An abused resident or their guardian can file an assisted living abuse lawsuit against the assisted living facility for personal injury and other damages. If the resident is alive but unable to start the legal process, such as being in a coma, a legal representative may do so on the resident’s behalf.
If the resident dies from the abuse, select people have the right to sue for their loss. In some states, only family members can pursue legal actions against another party on behalf of a decedent.
Some areas specify that only immediate family members can file a personal injury or wrongful death lawsuit. Extended family members may have a claim depending on the local laws.
Spouses could file a lawsuit if their husband or wife suffered an injury or death because of nursing home abuse. Significant others, such as life partners and common-law spouses, can also pursue a lawsuit in some states, depending on the nature of the relationship.
Children could seek financial compensation if nursing home abuse injured or killed their parents. Children can include:
- Biological children
- Adopted children
Select states allow parents, siblings, cousins, and other extended family members to file a claim because their family member suffered damages. Laws typically rank the ability to sue into levels or classes. For example, immediate family members would be first class. The right to sue can pass to the second class of extended family members if there is no family.
When Non-Family Members Are Allowed to Sue
Financial dependents might also have a case against an assisted living facility if they financially rely on the victim. If the nursing home resident died as a result of abuse, their beneficiaries could seek financial compensation for their loss.
Laws in certain areas recognize representatives of the victim or the decedent’s estate as having the right to sue. The representative files the claim, but any awards from the at-fault party go to a trust for disbursement to beneficiaries.
For example, someone in charge of the nursing home resident’s finances might be able to sue on behalf of the resident’s estate. This representative would place the lawsuit compensation into a special account for the resident’s beneficiaries, such as grandchildren.
The plaintiff must prove they were directly affected by the damages. For instance, a person who pays for someone to live in an assisted living facility and medical costs might have a claim. That individual could show medical bills for treatment of the injuries as a financial loss.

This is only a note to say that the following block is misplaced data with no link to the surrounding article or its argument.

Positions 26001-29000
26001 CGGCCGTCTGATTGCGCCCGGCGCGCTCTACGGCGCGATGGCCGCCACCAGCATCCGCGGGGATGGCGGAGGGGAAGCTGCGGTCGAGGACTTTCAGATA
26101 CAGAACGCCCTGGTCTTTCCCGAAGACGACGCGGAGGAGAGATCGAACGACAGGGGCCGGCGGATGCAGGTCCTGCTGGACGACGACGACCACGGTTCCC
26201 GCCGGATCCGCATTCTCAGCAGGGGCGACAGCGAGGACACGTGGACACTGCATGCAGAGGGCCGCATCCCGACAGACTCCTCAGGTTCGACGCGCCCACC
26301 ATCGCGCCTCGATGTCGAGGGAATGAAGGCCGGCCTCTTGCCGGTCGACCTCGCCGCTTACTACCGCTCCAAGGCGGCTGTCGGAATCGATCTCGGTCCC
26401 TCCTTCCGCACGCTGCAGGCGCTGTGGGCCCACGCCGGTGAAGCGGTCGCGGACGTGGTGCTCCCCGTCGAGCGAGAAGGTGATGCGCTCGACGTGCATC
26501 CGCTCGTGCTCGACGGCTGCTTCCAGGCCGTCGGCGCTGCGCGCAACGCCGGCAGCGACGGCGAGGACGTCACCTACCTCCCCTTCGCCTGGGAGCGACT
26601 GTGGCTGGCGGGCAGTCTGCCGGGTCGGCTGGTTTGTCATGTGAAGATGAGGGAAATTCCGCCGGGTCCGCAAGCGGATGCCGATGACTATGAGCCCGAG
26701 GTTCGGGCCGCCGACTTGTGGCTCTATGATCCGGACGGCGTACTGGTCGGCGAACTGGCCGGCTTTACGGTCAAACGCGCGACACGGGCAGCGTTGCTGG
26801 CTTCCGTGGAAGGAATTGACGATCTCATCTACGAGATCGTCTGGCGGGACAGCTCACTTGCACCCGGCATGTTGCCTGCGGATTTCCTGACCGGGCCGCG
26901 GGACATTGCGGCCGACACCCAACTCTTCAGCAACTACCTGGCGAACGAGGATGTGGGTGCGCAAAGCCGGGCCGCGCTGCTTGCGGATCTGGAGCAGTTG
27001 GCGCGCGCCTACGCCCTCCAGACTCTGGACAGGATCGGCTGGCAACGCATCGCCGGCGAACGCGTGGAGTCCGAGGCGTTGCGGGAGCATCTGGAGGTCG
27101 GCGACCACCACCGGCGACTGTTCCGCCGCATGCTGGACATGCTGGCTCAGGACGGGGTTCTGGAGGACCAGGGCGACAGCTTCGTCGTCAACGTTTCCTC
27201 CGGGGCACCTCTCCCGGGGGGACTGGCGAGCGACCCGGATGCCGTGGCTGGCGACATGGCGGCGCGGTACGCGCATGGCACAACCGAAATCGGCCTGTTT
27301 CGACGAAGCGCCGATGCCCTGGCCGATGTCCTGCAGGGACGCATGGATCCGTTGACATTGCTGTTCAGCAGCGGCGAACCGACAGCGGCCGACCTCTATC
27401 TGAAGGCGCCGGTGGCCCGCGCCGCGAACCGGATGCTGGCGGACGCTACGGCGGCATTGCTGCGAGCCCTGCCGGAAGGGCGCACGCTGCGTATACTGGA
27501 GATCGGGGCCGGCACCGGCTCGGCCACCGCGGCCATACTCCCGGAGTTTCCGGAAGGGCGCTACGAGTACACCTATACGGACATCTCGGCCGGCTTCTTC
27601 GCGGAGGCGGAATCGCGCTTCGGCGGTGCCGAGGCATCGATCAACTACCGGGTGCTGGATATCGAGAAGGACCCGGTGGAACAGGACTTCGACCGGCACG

The American Bar Association (ABA) defines a Power of Attorney as a written document determining who is able to act on behalf of another legally. Someone with the victim’s Power of Attorney can file a lawsuit as if they are the nursing home resident. They have the same legal rights as the victim.
Those Who Cannot File a Nursing Home Lawsuit
Friends, acquaintances, associates, and coworkers cannot file a claim for an assisted living abuse lawsuit. The law limits who has the right to sue so there are not needless lawsuits. The plaintiff must prove they were directly affected by the damages.
The law also prevents multiple first-class parties from suing the same entity. For instance, if one child sues and wins, the other children cannot. In these cases, the children would split the lawsuit award amount, or it would go to the estate of the deceased. Typically, the child filing the lawsuit would need to disclose any other children of the resident.
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Nursing Home Abuse Lawsuits
Senior citizens in nursing homes are injured every day due to accidents, neglect, and abuse. The Centers for Disease Control and Prevention (CDC) found that one out of 10 persons older than 60 is a victim of abuse. Elder abuse includes the following types:
- Physical abuse: Contact that results in injury, pain, impairment, or death
- Sexual abuse: Unwanted sexual advances, interactions, or actions with or without contact, such as forced nudity
- Emotional or psychological abuse: Verbal and unspoken interactions that cause anguish, fear, or distress
- Neglect: Not providing basic care or meeting the resident’s basic needs
- Financial abuse: Unauthorized or illegal theft of money or property
An assisted living lawsuit can be a personal injury or wrongful death claim. If you have the right to sue, you may seek reimbursement for losses from abuse. Some covered losses include:
- Medical bills
- Expenses to relocate to another facility
- Funeral and burial costs
- Pain and suffering, such as mental anguish
If you are wondering whether you can file an assisted living abuse lawsuit, contact the team at Pintas & Mullins Law Firm with your questions by calling (800) 223-5115.